by Garrett Dee
Photo Credit: Cabinet Public Relations Office
JAPANESE PRIME minister Shinzo Abe visited the United States last week to meet with US president Donald Trump to discuss the future of US-Japan relations, often considered a key relationship in the Asia Pacific, but one that had faced significant strain in the wake of Trump’s election. Though much of the weekend was dominated by the distracting spectacle that occurred at Mar-a-Lago during the open-air handling of a response to a North Korean missile test, the substance of the weekend-long discussion between the two heads of state warrants a closer examination given the shifting balance of power in the Asia Pacific.
Though Abe had previously met with Trump in Trump Tower shortly following his election as US president last November, there remained trepidations about the future of the relationship heading into this latest meeting. US trade relations with Asian countries have been a major point of contention for the Trump administration, with Trump repeatedly leveling vocal criticisms of US trade partners in Asia as manipulating trade and currency policies in order to take advantage of the United States.
In particular, Trump had criticized Japan for what he perceived as a large trade imbalance between the two countries. In the past, Trump had singled out the automobile industry as an example of this imbalance, claiming that it was nearly impossible for American automobile manufacturers to sell cars in Japan and criticizing Japanese automobile company Toyota for opening a factory in Mexico. Abe countered this criticism by claiming that US automobile manufacturers do not advertise heavily enough in Japan.
Trump meeting with Abe for the first time in November 2016. Photo credit: Cabinet Public Relations Office
More recently, Trump turned his attention towards Japan’s currency policy as proof of its advantageous position economically. Trump has claimed that Japan is attempting to bilk the United States through devaluation of its currency, accusing Tokyo of having engaged in quantitative easing in order to make the yen fall against the dollar, undercutting Japanese exports to the United States. Indeed, Japan does run a $69 million trade surplus in relation to the US, and is one of the largest holders of US debt, though Abe has denied that Tokyo is attempting to engage in currency manipulation, which is against international trade regulations.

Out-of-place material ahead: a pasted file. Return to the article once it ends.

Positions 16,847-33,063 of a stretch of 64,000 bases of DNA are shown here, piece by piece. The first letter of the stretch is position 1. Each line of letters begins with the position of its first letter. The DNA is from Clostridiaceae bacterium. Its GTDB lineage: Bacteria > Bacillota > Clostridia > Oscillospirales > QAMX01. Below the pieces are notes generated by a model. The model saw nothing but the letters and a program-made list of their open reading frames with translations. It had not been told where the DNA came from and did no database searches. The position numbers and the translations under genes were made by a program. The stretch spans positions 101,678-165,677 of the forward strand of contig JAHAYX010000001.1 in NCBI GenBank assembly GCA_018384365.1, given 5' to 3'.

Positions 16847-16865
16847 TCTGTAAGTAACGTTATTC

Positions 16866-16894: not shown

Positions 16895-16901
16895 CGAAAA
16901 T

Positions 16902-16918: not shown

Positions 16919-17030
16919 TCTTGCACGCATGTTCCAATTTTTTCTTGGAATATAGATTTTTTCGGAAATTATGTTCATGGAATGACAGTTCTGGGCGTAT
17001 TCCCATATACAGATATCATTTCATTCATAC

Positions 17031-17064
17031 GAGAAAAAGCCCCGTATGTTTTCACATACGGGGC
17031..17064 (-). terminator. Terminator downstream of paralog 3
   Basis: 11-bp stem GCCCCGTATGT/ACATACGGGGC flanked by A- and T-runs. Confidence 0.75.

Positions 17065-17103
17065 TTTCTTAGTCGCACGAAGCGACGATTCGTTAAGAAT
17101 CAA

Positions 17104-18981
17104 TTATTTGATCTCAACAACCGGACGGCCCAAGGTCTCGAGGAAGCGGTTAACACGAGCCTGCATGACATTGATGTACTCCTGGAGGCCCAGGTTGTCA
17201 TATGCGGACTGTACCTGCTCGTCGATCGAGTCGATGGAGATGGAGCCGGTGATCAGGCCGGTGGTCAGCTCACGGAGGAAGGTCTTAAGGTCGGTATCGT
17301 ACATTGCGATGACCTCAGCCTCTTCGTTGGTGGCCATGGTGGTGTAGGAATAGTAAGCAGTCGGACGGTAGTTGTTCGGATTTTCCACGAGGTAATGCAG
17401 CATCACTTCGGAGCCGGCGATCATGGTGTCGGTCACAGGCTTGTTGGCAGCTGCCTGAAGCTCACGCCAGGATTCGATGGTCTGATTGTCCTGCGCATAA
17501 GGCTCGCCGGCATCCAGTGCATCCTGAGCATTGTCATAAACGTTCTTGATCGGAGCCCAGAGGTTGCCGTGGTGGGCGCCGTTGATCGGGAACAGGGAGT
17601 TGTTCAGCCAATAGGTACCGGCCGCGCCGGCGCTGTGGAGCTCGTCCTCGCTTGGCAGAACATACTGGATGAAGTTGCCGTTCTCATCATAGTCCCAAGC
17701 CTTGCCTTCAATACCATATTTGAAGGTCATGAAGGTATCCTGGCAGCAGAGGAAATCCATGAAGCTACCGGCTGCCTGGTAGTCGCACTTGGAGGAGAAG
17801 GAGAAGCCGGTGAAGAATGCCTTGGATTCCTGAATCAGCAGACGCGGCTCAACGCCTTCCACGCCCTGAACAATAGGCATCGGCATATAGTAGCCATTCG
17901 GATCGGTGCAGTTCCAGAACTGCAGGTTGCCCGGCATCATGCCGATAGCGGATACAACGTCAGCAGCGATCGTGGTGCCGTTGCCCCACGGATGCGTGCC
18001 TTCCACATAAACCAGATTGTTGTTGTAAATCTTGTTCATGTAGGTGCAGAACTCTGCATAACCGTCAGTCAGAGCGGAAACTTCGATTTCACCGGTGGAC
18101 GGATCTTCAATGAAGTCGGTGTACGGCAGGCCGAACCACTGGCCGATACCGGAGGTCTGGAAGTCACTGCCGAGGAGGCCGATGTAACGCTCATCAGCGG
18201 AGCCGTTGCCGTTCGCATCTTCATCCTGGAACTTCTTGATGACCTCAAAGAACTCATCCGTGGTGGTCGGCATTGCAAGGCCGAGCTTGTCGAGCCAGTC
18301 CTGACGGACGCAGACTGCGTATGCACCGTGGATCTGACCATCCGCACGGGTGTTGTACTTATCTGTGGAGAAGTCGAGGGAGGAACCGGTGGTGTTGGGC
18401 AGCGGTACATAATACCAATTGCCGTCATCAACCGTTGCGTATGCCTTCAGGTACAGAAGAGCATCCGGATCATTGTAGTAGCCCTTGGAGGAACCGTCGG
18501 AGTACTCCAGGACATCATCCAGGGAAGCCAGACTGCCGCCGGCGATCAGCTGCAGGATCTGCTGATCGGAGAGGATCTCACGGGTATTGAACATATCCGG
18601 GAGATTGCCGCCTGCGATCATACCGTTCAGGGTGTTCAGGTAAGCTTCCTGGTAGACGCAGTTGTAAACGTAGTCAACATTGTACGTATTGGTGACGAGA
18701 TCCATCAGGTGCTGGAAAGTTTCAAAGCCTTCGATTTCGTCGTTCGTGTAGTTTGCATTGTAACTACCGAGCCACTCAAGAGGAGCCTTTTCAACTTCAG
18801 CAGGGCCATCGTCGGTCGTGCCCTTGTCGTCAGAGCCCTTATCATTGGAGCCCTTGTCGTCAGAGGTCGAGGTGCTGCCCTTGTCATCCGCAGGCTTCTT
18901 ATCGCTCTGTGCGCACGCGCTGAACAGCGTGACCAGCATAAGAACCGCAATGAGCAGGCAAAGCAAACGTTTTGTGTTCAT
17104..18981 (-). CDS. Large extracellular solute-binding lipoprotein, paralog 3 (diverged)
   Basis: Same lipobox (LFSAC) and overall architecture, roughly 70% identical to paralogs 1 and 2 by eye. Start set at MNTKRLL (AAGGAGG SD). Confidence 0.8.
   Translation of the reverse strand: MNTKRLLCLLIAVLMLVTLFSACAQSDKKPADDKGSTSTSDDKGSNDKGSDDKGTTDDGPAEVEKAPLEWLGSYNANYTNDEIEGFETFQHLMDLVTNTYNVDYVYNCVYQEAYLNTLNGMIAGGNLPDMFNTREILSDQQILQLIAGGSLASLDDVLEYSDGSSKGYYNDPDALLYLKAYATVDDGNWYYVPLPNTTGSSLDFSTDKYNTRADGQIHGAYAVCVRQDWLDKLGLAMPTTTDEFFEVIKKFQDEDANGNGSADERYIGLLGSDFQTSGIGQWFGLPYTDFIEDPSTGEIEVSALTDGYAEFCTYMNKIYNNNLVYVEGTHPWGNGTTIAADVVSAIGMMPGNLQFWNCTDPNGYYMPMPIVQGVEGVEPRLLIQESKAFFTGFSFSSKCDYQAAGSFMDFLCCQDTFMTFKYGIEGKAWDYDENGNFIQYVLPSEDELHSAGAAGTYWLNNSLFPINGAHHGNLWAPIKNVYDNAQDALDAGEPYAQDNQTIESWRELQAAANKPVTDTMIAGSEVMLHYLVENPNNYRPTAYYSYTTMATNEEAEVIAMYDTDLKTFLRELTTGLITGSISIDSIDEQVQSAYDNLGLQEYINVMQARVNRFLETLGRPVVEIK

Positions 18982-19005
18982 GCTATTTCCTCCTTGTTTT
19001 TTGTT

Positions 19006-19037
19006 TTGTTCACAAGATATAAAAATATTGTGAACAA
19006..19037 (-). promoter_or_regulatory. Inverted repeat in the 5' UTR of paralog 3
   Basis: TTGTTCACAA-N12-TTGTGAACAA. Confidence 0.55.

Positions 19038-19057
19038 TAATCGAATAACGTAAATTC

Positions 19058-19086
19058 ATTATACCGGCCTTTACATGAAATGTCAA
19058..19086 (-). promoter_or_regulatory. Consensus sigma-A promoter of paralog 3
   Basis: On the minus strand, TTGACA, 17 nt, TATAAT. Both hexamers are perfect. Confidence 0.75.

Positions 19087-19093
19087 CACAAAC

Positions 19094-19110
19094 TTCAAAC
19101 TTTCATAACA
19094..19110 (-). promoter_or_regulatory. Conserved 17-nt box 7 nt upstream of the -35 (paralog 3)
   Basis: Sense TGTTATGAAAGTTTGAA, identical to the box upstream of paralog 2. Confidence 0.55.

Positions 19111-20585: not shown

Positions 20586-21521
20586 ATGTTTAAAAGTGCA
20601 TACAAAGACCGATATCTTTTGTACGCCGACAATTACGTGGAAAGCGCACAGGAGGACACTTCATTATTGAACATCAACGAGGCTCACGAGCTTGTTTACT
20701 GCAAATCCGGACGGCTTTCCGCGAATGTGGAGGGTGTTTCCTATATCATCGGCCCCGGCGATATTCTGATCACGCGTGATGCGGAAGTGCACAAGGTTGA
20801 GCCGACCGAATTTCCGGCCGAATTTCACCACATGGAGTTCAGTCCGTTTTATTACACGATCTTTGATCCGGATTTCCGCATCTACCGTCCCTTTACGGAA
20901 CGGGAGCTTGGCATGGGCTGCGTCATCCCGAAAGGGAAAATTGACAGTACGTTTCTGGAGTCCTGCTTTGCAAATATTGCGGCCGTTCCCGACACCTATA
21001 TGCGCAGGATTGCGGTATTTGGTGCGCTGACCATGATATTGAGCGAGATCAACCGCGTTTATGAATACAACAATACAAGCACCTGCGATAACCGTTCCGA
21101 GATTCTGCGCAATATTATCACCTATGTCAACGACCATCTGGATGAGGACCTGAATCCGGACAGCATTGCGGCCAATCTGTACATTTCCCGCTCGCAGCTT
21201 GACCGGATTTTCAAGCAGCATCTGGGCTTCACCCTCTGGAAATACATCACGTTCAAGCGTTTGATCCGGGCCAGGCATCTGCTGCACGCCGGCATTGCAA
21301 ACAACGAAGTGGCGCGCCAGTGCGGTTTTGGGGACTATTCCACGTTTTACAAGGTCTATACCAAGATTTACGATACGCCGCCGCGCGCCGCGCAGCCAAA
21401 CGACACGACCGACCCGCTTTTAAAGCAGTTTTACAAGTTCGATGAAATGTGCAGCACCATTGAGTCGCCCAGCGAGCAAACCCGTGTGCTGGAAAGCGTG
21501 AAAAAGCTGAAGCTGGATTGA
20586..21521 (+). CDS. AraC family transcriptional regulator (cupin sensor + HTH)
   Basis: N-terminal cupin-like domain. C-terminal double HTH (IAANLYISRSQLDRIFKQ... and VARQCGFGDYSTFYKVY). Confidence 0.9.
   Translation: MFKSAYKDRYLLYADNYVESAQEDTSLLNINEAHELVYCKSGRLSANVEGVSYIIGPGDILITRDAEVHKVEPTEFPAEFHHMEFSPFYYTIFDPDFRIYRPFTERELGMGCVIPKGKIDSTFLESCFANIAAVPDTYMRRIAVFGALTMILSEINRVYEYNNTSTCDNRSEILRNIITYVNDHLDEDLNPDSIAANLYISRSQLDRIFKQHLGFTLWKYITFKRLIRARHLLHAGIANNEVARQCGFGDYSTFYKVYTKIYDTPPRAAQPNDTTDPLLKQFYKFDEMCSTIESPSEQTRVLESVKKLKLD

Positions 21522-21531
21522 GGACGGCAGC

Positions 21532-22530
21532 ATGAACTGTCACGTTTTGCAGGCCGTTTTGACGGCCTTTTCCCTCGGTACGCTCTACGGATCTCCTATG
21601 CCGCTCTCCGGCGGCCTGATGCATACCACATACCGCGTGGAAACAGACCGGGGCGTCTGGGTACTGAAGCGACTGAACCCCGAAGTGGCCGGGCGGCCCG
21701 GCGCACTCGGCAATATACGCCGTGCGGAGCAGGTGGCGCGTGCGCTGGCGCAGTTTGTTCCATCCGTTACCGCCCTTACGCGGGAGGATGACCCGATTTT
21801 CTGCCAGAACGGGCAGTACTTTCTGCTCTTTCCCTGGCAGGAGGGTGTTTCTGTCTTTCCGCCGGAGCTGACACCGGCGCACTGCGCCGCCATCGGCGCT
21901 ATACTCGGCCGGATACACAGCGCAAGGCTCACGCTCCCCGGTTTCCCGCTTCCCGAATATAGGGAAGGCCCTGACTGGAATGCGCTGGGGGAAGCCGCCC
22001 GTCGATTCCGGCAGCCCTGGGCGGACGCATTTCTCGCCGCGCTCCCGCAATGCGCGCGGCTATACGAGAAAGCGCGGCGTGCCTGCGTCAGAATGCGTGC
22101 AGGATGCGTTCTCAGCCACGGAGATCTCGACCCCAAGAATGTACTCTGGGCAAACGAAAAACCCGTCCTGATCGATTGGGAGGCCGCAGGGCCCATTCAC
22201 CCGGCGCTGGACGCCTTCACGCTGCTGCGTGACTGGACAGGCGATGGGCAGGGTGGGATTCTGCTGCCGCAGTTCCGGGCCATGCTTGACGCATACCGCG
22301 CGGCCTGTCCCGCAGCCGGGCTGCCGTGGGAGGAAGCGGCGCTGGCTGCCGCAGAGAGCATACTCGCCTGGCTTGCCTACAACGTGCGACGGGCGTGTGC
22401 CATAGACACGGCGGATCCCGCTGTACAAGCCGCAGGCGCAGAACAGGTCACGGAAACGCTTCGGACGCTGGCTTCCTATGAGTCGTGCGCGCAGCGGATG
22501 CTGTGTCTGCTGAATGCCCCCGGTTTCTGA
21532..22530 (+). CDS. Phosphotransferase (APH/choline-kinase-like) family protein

Thus, one of the objectives of Abe’s trip to the US seemed to be to reassure Trump of the mutual benefit of expanding the US-Japan economic relationship. To this effect, Abe was reported as having leaned on major Japanese companies prior to his trip in order to deliver a concrete figure to Trump promising job creation and investment in the United States. No doubt, this was partly inspired by anxiety created over the Trump administration’s decision to withdraw the United States from negotiations over the Trans-Pacific Partnership, a trade agreement which Abe had heavily championed and which was seen as a way to expand trade between the US and Japan, given the lack of an existing trade agreement between the two nations. Though Abe stated that he had convinced Trump of the significance of the deal, it is unlikely that Trump will revisit the issue in light of his previous positions and his executive order ending US involvement in the trade deal.
Upon his return to Japan, Abe also announced to Japanese television that he and Trump had discussed the issue of Japanese relations with Russia, during which Trump had encouraged Abe to seek closer ties with Putin. This is keeping with form, as the Trump administration has actively encouraged a warming of relations towards Russia, who has been an international pariah since its annexation of Crimea in 2014. Nonetheless, the Trump administration’s policy towards Russia has come under intense scrutiny by the media and members of the US government following the scandal involving former National Security Advisor Michael Flynn’s contact with the Russian ambassador.